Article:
I was never very good at baseball, but I was very enthusiastic about playing it. I was a devoted fan of the Yankees and wanted to play for the team once I was old enough to not need a ride to my games every week.
I joined Little League when I was seven and played for the Angels. I remember being so excited the day that I got my uniform that I slept in it that night.
Weird, yet adorable, right?
Since I was only seven, my Dad would take me to the games and then stay to watch me try not to embarrass myself too much.
On one Little League Sunday, an umpire didn’t show up for the game, so Dear Old Dad, who couldn’t say no to anyone, got coerced into ump duty.
By some miracle of the baseball gods, I managed to reach first base. Most likely, I was hit by a pitch, but there’s also the outside chance that I drew a walk. I’d say there is zero percent probability that I smacked a line drive into the outfield for a base hit.
Once I was on first, an occurrence that happened about as rarely as Donald Trump says something nice about a foreigner, all I wanted to so was wave to my Dad, who was now positioned between first and second.
Being ever the professional, Dad did his best to ignore me and focus on the action. I just kept talking to him, though, like we were the only two people out on the field.
I knew enough to run from first base to second base, and once I arrived at my new destination, I excitedly yelled to my Dad that I’d made it.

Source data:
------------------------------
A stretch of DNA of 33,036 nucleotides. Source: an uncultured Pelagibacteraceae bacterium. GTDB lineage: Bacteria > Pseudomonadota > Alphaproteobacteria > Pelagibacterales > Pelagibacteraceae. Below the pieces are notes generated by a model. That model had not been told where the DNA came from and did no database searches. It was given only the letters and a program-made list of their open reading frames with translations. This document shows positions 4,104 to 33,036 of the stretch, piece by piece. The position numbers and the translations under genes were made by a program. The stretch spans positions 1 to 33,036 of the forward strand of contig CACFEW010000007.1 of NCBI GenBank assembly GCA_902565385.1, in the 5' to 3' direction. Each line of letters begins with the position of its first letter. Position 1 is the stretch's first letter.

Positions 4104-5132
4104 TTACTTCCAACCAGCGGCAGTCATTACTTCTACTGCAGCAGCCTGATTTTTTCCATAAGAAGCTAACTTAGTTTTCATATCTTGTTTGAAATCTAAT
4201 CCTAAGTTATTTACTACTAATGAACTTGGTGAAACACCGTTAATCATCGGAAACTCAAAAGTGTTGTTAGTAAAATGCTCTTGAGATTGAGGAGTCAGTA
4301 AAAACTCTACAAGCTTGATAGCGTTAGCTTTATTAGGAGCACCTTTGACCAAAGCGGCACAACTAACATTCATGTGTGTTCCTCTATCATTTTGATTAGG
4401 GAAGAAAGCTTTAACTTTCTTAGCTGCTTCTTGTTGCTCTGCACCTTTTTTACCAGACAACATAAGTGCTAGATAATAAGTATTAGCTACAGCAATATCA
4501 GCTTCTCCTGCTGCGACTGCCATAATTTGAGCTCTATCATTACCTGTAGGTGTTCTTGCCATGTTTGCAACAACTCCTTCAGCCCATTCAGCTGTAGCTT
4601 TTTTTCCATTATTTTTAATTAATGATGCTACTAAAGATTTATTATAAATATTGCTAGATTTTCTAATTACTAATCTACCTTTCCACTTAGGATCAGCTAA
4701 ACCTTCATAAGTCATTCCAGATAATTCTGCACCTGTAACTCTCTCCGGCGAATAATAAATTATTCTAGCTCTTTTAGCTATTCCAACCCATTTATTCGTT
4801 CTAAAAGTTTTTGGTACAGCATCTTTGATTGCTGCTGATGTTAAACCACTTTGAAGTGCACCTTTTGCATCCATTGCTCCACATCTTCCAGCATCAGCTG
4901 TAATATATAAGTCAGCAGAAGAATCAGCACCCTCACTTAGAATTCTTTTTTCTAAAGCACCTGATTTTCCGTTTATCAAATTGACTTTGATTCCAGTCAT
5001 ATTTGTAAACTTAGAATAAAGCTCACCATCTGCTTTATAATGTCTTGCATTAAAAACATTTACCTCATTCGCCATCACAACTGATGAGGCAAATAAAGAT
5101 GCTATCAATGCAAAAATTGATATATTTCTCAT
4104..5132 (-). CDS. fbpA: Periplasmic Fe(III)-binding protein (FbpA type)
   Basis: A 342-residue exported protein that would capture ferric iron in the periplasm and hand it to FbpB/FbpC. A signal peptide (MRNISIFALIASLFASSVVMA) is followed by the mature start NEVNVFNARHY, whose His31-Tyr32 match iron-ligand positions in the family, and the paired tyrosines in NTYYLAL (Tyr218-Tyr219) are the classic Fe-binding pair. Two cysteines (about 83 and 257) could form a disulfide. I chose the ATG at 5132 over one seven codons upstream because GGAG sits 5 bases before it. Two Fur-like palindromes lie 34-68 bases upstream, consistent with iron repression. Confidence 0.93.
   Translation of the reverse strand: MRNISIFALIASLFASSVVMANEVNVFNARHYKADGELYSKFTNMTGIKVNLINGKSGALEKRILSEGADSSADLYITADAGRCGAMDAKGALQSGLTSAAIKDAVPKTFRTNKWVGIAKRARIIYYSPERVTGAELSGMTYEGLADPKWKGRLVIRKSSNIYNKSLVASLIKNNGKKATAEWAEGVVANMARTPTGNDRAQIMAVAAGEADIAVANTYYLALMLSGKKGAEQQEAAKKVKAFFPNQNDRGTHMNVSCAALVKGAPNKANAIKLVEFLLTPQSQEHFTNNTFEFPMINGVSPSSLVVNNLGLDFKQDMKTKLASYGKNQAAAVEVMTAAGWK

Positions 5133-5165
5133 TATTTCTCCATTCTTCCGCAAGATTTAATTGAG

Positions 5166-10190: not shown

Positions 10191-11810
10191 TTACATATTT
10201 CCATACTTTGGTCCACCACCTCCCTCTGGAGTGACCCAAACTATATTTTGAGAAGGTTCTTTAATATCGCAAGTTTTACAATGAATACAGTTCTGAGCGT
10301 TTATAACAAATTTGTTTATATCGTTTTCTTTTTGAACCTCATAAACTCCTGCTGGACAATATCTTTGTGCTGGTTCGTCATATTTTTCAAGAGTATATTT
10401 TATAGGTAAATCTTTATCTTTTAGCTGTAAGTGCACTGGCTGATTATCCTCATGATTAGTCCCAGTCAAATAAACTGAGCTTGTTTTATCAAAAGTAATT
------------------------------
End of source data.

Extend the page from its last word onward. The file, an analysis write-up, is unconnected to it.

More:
The only problem was, my teammate had hit the ball deep into the outfield, and he had rounded first and was headed right for me.
We couldn’t both be on second base at the same time. I needed to keep moving and head for third, maybe even try to score.
But all I cared about was telling my Dad that I’d made it safely to second. I yelled this to him over and over as the other runner closed in on my position.
My Dad, who was really the umpire at the moment and not my father, whispered to me to run, to go to the next base, to keep moving.
But I just kept waving to him.
My teammates and coaches were screaming at me to run, too, but I was young, dorky, and just wanted to make my Dad proud.
Finally, just before the second runner arrived at the base, my Dad nudged me off of the bag and told me to run to third. Confused, stunned, but thrilled to have Dad’s attention, I did exactly as I was told.
The play ended with me on third and my much better hitting teammate on second. At this point, I started waving to my Dad excitedly from third base.
The opposing manager came out to argue with the umpire, aka my Dad, about the fact that it seemed like he had physically removed the base runner, aka me, from second base and shoved him in the direction of third.
That, of course, would be illegal, bizarre, and unprecedented in the sport.
The other manager didn’t like the answer he got, but you really can’t argue with the umpire, so he went back to his dugout to mope.
My poor Dad, the nicest man in the world, had been forced to lie and cheat because his son was a horrible baseball player, who loved him too much to pay any attention to what was happening on the field.
I love telling that story, even though it makes me look like a total airhead, because it perfectly sums up exactly how great of a father Big Austin was. He shouldn’t have even been umpiring that game, and he ended up in the middle of a big time Little League controversy, but he handled it in a way that allowed me to avoid a major embarrassment.
I’d like to say that my baseball skills improved over the years, but they pretty much remained the same. What I can say, however, is that my Dad never again allowed himself to be talked into umpiring.
I love you, Dad. You were my angel on the basepaths, and now you’re my angel up in Heaven. Thanks for keeping an eye on me and preventing me from getting doubled up down here.
Happy Father’s Day!
I promise not to coach your kid’s Little League team if you follow me on Pinterest!